We were fishing with four rods and these were in rod holders mounted on the boat’s gunwhale (top of the side of the boat). The drill was pretty simple; wait for the fish to bow the tip of the rod and then, with the rod still in the rod holder, crank the reel handle as fast as possible. As the fish swims away, the circle hook corkscrews into the side of the fishes mouth. Old bass fishermen like myself, accustomed to setting the hook when fishing with soft plastics are often challenged with this type fishing. It’s a learned reflex to jerk back and set the hook! But with circle hooks it’s important to let the hook and line tension as the fish swims away do the work. Once steady pressure is noted on the rod, it’s time to pull it out of the holder and fight the fish without allowing any slack in the line. “Crank it, don’t yank it” is a saying that pretty well sums up proper hookset when using a circle hook!

Tawakoni is not only a renowned blue catfish fishery that draws anglers from across the country but also a channel catfish honey hole. As a rule, blues run bigger than their channel catfish cousins and to many catfish eaters taste, are better eating. I’ve never been one to snub my nose as a platter of crispy fried catfish fillets, regardless the species but these 2 to 6 pound blues we were catching were chunky fish and would supply the makings of some big fish fries with their snow white fillets.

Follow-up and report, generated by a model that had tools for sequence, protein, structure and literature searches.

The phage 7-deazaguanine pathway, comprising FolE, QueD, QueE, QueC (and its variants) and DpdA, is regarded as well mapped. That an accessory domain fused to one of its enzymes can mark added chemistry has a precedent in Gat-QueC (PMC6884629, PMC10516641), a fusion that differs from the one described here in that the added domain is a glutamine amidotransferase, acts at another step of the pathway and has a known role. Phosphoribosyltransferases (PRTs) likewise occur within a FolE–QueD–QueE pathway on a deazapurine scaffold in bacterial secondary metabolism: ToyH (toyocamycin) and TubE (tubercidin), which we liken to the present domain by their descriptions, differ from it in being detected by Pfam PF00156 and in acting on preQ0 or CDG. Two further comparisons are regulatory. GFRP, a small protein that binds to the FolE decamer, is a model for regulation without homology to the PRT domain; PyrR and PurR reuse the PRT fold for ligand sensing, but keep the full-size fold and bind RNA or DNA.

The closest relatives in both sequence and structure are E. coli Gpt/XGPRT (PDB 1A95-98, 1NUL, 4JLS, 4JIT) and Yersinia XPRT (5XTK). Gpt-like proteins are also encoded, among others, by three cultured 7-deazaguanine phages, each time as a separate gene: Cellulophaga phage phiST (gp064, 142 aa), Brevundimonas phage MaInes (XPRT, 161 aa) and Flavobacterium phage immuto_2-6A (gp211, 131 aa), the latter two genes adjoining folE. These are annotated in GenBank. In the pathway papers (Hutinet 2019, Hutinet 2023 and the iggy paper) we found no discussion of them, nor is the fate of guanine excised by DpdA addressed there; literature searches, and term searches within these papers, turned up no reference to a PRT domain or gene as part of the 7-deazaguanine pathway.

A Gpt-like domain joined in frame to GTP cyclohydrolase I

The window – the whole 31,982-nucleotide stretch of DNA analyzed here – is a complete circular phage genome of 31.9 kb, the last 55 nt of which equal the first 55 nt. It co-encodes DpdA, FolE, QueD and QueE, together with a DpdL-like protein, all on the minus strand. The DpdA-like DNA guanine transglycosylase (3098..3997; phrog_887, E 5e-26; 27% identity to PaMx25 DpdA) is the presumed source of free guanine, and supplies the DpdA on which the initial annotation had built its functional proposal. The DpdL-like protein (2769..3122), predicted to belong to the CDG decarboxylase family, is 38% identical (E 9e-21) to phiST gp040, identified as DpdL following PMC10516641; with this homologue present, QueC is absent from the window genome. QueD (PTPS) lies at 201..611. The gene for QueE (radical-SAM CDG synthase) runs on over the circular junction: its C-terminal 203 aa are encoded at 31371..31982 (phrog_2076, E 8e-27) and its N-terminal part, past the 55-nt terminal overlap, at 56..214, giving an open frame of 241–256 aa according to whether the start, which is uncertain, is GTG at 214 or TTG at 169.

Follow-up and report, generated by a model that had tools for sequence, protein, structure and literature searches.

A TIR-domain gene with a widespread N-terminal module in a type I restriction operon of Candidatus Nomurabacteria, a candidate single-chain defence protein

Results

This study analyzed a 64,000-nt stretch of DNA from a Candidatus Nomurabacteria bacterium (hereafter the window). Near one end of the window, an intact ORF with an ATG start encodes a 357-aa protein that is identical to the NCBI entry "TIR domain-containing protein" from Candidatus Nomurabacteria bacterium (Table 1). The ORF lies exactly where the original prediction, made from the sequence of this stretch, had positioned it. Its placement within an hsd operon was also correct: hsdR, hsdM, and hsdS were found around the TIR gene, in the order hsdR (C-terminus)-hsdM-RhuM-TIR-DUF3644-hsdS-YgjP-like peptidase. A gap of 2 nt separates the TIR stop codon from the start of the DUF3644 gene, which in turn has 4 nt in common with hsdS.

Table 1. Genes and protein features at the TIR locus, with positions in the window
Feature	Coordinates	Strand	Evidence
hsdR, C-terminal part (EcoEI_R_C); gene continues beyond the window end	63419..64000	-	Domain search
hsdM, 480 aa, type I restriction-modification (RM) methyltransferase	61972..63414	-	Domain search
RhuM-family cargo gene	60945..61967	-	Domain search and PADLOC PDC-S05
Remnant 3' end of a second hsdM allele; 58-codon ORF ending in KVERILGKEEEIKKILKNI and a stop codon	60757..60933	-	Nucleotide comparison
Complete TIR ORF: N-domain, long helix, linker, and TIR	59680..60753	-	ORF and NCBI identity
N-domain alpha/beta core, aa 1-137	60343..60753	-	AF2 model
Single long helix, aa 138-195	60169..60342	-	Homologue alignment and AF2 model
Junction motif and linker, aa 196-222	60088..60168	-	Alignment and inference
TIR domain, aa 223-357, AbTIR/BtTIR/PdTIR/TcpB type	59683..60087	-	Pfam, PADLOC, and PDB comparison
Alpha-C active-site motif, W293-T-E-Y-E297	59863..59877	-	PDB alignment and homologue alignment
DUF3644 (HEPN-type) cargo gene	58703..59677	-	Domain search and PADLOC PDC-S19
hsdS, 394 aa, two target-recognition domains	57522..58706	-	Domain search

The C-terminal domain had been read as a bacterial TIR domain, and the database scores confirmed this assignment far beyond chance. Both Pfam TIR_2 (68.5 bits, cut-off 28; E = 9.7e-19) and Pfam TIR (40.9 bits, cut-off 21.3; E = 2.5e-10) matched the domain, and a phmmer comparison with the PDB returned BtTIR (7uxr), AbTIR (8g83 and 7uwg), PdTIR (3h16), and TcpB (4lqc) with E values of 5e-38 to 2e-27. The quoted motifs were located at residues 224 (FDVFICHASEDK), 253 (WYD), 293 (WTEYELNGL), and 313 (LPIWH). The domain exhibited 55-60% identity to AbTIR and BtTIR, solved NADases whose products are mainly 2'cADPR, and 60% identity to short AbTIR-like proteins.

The cut bait we were using works well catching both species but most channel catfish are caught using prepared baits such as punch bait or packaged prepared baits. During the spawn, channel catfish are often caught around cover in shallow water by anglers using a slip cork rig but soon, holes baited with soured grain or range cubes will be the preferred method. Winter is prime time for catching trophy blue catfish but we are now in for several months of catching my kind of ‘trophy’ cats, those weighting between 1.5 and 10 pounds: prime eaters.

Contact Guide David Hanson at 903-268-7391 .

Watch the video of this outing on A Sportsmans Life on Carbon TV, carbontv.com


While fishing up in Saskatchewan last summer, an early “cool” front blew in. It was the middle of July. Our guide Trevor Montgomery said it was a good day to make pike chowder and we kept a few 20 inch pike. The rainy weather last week put me in the mood for chowder and I did my best to duplicate his recipe with fresh blue catfish fillets.

Begin by chopping potatoes into sugar cube size pieces, three slices bacon cut into small pieces, a little onion, a stalk of celery chopped finely, a can of corn, salt, Old Bay seasoning, plenty of fresh ground black pepper and some half and half.

The process is very simple and fast. Fry the bacon and add enough water to slowly tenderize the veggies. When everything is tender, add seasonings and trimmed catfish fillets. Allow to simmer 10 or 12 minutes until the fish breaks into small pieces. Make sure the liquid is mostly reduced and add half and half. My first attempt at fish chowder was a success and the catfish was every bit as tasty as the northern pike!

Contact outdoors writer Luke Clayton via catfishradio.org.